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Hi I've recorded sound(field sound) using six microphones with sensitivity 5mv/pa by zoom recording device the results were obtained by dBFS unit and i need it in dBSPL, Is there any way to convert it? because I have read several articles and come to the do not directly convert between the two units and need to calibrate the device and determining the gain, but I recorded directly without doing anything . Another question whether the output values of positive values and negative do it represent the pressure deviation? I'm sorry but I do not have sufficient knowledge with the sound recording instruments. thanks

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  • \$\begingroup\$ Quite a disconcerting read. You want to convert between to "units" when you in fact have two different physical quantities on hand. Ask yourself what dB SPL is (what physical quantity it is) and how your recording relates to that. \$\endgroup\$ – winny Dec 30 '16 at 21:25
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You could try to go back and retroactively "calibrate" your original recordings. But that requires these things.

  1. FIXED RECORDING LEVELS Your original recording must have been done at some FIXED and unchanging recording level/gain from beginning to end. If you changed the recording levels at one or more points during the recording, then you have no way that any of the next steps will make any sense. Note this includes using any kind of "automatic gain" as that completely destroys your data.
  2. REFERENCE SOUND You need some sound that was captured in the original recording which you can RELIABLY REPRODUCE. That gives you the "link" between your original recording and something that you can actually MEASURE.
  3. SPL METER You need an actual, calibrated SPL meter. There is no substitute for this if you want believable SPL data.
  4. CALIBRATED REFERENCE MEASUREMENT Reproduce your "reference sound" and measure the SPL with the calibrated SPL meter. Then you can use that peak level to measure against your recording levels.
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  • \$\begingroup\$ Sorry but I did not understand some of the paragraphs clearly do you mean record a fixed sound level like a sine wave and then re-run the recorded section and measure the SPL by calibrated SPL meter??? \$\endgroup\$ – user130733 Jan 6 '17 at 17:10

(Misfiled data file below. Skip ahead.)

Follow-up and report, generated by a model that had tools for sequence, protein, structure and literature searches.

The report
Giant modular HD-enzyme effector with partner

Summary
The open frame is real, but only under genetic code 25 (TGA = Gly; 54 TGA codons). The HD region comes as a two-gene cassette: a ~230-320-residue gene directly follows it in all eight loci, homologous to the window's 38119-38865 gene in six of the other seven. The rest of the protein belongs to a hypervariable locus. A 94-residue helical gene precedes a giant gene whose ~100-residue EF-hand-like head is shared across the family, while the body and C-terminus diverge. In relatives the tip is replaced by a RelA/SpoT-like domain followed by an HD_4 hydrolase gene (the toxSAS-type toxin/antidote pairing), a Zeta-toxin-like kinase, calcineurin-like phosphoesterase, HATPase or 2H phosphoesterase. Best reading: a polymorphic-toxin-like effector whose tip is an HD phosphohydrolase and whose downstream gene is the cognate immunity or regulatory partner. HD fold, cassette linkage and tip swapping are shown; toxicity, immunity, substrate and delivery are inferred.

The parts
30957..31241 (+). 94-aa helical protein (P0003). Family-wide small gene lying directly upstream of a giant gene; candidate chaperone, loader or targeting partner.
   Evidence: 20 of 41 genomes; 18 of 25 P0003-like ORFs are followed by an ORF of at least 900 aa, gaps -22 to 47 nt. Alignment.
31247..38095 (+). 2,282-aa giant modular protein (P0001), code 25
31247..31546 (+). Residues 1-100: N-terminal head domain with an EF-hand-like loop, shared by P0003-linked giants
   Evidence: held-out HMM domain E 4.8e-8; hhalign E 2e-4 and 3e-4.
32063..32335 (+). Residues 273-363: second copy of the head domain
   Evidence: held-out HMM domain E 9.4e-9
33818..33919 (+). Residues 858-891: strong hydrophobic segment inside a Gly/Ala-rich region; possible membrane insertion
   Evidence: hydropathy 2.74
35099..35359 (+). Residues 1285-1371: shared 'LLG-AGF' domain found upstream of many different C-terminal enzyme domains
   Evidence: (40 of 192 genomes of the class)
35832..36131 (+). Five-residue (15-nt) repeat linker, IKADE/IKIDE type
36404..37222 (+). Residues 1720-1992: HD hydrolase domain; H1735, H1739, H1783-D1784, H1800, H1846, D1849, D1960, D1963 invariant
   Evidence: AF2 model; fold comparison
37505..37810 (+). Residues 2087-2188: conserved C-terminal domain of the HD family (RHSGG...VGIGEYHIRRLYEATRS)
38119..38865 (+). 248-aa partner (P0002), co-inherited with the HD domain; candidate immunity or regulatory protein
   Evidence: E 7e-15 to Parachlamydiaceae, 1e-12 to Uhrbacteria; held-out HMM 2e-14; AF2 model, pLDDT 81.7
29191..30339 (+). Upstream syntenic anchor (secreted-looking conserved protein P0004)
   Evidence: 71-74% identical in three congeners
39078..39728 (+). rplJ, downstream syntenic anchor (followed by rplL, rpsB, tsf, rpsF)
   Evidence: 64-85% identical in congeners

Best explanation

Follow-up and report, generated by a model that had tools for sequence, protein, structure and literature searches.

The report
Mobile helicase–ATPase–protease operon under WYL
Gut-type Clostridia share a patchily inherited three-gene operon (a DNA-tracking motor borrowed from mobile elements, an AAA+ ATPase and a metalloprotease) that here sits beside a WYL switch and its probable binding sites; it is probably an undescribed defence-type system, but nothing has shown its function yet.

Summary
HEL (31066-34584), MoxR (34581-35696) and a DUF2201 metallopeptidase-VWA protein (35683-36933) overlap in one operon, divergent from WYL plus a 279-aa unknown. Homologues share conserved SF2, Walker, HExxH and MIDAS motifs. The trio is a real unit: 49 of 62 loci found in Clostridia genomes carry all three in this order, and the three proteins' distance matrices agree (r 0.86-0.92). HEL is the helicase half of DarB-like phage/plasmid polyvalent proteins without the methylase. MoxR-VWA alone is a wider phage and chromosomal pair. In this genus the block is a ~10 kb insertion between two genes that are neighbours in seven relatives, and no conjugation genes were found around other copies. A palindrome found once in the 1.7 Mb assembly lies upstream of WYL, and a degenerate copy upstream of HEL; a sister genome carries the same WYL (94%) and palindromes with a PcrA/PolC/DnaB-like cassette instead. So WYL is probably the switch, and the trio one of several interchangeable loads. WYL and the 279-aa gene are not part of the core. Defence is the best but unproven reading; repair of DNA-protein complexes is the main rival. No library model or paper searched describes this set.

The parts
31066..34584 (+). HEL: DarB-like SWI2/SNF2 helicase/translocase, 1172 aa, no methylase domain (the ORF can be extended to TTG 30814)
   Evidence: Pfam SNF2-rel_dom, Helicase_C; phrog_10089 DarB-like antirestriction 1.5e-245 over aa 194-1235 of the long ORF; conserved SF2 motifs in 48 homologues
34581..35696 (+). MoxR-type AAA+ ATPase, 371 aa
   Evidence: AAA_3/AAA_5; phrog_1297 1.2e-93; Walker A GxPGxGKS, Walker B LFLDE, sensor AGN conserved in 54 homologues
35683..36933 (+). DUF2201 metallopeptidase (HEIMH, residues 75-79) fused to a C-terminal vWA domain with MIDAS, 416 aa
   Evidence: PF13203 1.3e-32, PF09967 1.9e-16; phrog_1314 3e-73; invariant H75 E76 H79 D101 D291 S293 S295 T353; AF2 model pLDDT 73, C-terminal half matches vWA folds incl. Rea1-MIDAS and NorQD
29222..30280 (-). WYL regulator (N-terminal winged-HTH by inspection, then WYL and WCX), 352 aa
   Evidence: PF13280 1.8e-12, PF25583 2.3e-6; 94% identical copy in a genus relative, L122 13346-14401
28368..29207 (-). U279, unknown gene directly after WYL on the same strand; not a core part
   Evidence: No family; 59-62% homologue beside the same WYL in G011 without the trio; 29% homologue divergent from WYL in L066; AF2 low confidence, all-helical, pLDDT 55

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Unless you calibrated the microphones AND the recorder at the time of the recording the absolute dB SPL reference is lost and unrecoverable. The reason is that you don't know what what the REAL sensitivity of the microphones are. "5mv/pa" is only the nominal design target. It does not necessarily represent the ACTUAL sensitivity. And only calibrated instrumentation microphones have a known and reliable SPL to voltage output ratio.

Furthermore, you used some unknown amount of gain in the recorder. So even if you had calibrated microphones, you would have no reliable reference unless you calibrated the microphone preamp gains and the recording levels.

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  • \$\begingroup\$ Thank you for your answer, but now what should i do? any suggestion to help me to solve the problem @Richard Crowley \$\endgroup\$ – user130733 Dec 27 '16 at 11:19
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    \$\begingroup\$ We don't know what exactly the problem is? WHY do you need dB SPL? Can you explain the situation more completely? \$\endgroup\$ – Richard Crowley Dec 27 '16 at 16:30
  • \$\begingroup\$ I need to calculate the noise for the graduation project and in all the equations we need sound pressure level (dBSPL), but at first I did not know the difference between the two units and I need more than one microphone so used six microphones with Zoom recording device and the result in dB full scale. \$\endgroup\$ – user130733 Dec 27 '16 at 17:34
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    \$\begingroup\$ If you were not using a Sound Pressure Level Meter, there really is no way to go back and "calibrate" your recordings. The major unknown is the recording volume control setting. Unless you know that, there is no realistic way to correlate the recorded level with the actual SPL. Can you repeat the experiment with a proper SPL Meter? \$\endgroup\$ – Richard Crowley Dec 27 '16 at 18:58
  • \$\begingroup\$ If repeated the experiment How can I do calibration \$\endgroup\$ – user130733 Dec 30 '16 at 19:26

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